Aideen T. Finnola (My Exquisite Purple Life: Insights from a Woman Who Never Should Have Made It but Did.)
Where are these perfect families? Is it yours? Your friend's, your neighbor's? I don't think you can just point one out. The ones we're most likely to admire are simply the ones with the best-kept secrets. No, the real perfect families, they have warts and bruises and scars. They had to screw up and admit their mistakes. They had to do everything wrong so they could learn how to do few things right. They had to hate so they could know what to love.
Lisa Gardner (Look For Me (Detective D.D. Warren, #10))
The System The denunciation of a dictatorship’s crimes doesn’t end with a list of the tortured, murdered, and disappeared. The machine gives you lessons in egoism and lies. Solidarity is a crime. To save yourself, the machine teaches, you have to be a hypocrite and a louse. The person who kisses you tonight will sell you tomorrow. Every favor breeds an act of revenge. If you say what you think, they smash you, and nobody deserves the risk. Doesn’t the unemployed worker secretly wish the factory will fire the other guy in order to take his place? Isn’t your neighbor your competition and enemy? Not long ago, in Montevideo, a little boy asked his mother to take him back to the hospital, because he wanted to be unborn. Without a drop of blood, without even a tear, the daily massacre of the best in every person is carried out. Victory for the machine: people are afraid of talking and looking at one another. May nobody meet anybody else. When someone looks at you and keeps looking, you think, “He’s going to screw me.” The manager tells the employee, who was once his friend, “I had to denounce you. They asked for the lists. Some name had to be given. If you can, forgive me.” Out of every thirty Uruguayans, one has the job of watching, hunting down, and punishing others. There is no work outside the garrisons and the police stations, and in any case to keep your job you need a certificate of democratic faith given by the police. Students are required to denounce their fellow students, children are urged to denounce their teachers. In Argentina, television asks, “Do you know what your child is doing right now?” Why isn’t the murder of souls through poisoning written up on the crime page?
Eduardo Galeano (Days and Nights)
Adults often ask me why children in groups are so cruel. I am always astonished by the question. What about groups of adults? What about the Holocaust? What about the Serbs and Croats? How could neighbors who had lived together for hundreds of years suddenly turn on one another and begin to see each other as enemies? Why have Protestants and Catholics in Northern Ireland been willing to plant bombs in each other’s neighborhoods and kill people only blocks away? What about the Hutus and the Tutsis? During the genocide in Rwanda, a Hutu man beheaded his Tutsi wife and three sons in front of a crowd when the Hutu chief in his town told him that he had to kill all Tutsis. What force could make a person do something like that? Peer pressure. Peer pressure in a horrible group cause.
Michael G. Thompson (Best Friends, Worst Enemies: Understanding the Social Lives of Children)
If you loot, if you riot, if you cause one lick of trouble. I will find you, and I will burn you to ash. If you revolt against your new king, if you try to take his castle, then this wall”—she gestured with her burning hand—"will turn to molten glass and flood your streets, your homes, your throats. If I catch you holding on to your slaves, if I hear of any household keeping them captive, you are dead. So I suggest that you tell your friends, and families, and neighbors. I suggest that you act like reasonable, intelligent people. And I suggest that you stay on your best behavior until your king is ready to greet you, at which time I swear on my crown that I will yield control of this city for him. If anyone has a problem with it, you can take it up with my court.” She motioned behind her. Rowan, Aedion, and Lysandra—bloodied, battered, filthy—grinned like hellions. “Or,” Aelin said, the flames winking out on her hand, “you can take it up with me.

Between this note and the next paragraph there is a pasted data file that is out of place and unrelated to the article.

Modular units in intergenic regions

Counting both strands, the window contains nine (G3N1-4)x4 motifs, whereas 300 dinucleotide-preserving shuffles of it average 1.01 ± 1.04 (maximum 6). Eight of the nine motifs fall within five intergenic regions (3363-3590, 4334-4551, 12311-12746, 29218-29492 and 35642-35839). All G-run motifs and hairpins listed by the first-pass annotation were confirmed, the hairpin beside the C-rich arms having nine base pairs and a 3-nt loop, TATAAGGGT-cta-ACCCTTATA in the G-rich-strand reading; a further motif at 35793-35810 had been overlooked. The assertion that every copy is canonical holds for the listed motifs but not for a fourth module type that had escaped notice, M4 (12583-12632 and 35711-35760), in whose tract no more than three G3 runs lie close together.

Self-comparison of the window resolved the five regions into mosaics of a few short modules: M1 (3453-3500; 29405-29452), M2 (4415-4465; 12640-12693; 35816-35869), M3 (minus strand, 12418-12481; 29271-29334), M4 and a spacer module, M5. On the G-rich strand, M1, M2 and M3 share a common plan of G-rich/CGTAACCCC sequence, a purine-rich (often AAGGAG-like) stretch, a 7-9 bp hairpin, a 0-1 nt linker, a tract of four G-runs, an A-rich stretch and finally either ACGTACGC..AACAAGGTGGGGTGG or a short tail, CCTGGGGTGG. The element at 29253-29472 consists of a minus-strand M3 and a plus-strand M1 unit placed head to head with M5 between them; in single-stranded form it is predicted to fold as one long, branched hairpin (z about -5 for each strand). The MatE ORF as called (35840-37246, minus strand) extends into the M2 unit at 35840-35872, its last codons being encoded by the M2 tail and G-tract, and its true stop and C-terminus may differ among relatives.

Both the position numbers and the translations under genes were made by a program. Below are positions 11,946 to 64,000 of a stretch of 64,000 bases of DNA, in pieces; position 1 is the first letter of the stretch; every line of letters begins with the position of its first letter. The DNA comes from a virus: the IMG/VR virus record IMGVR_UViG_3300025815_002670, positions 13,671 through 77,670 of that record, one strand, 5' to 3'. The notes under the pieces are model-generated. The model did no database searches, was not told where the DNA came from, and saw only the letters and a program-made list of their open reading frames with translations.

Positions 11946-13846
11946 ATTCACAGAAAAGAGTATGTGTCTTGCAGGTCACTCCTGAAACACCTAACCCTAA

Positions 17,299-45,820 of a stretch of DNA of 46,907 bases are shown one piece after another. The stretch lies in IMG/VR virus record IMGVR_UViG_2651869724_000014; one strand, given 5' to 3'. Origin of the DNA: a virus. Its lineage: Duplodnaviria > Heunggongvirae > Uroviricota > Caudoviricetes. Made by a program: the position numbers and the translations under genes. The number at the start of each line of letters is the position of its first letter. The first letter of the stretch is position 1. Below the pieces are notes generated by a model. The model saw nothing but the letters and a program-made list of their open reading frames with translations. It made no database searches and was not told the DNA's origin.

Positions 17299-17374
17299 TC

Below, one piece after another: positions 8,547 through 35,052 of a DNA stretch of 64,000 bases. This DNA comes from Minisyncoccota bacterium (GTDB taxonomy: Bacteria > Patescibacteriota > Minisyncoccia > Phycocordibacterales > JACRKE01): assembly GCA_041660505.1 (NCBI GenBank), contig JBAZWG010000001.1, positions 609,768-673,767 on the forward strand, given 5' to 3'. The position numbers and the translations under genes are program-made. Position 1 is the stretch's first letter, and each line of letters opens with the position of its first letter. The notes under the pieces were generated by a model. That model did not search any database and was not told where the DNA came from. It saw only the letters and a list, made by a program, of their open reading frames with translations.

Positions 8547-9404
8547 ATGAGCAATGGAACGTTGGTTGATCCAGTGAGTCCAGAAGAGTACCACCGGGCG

Sarah J. Maas (Queen of Shadows (Throne of Glass, #4))
One The number ONE means so many things in every aspect of our lives. We are born to ONE woman. We are focused on being number ONE in sports, school, politics, etc. We love to be number ONE. As a Christian, we believe that there is ONE Lord, ONE Savior and ONE church. We bond with others in our cities, states, nations and all over the world that call on the name of Jesus. We can use this number to focus our efforts to improve our lives. Instead of looking at life as half-empty and the things you can’t do, try looking at how ONE can make a difference in your life. If you are battling an il ness, acute or chronic, try doing ONE more thing today. Take ONE more step, try ONE more rep in physical therapy, smile ONE more time at those who are helping you. Sometimes even though you are sick, you can make such an impact on others by how you handle your ONE issue. Maybe you are an athlete; try doing ONE more rep at the end of the set. ONE more interval on the bike, track or trail. ONE more sprint if you are in the middle of football practice. The person who has the “just ONE more” mentality will always beat the other person and be number ONE. If you are dieting and trying to get your physical body back where you want it; try eating one LESS dessert, one LESS fast food lunch, one MORE salad, one MORE veggie and one MORE lap around the block after dinner. If you want to draw closer to God, read ONE passage a day if you are out of the habit. It doesn’t matter which one, just spend time listening to the Word of the Creator. Say ONE more prayer than just the one to bless the food. ONE more good deed to help your fel ow man. ONE more smile for your spouse, child, sibling or parent. What if we all did ONE good deed this week for a lonely neighbor or a shut in from church? 2 Thessalonians 3:1 (MSG) One more thing, friends: Pray for us. Be that ONE person who makes a difference in this world by doing ONE more thing to progress the love of God!
Mark K. Fry Sr. (Determined: Encouragement for Living Your Best Life with a Chronic Illness)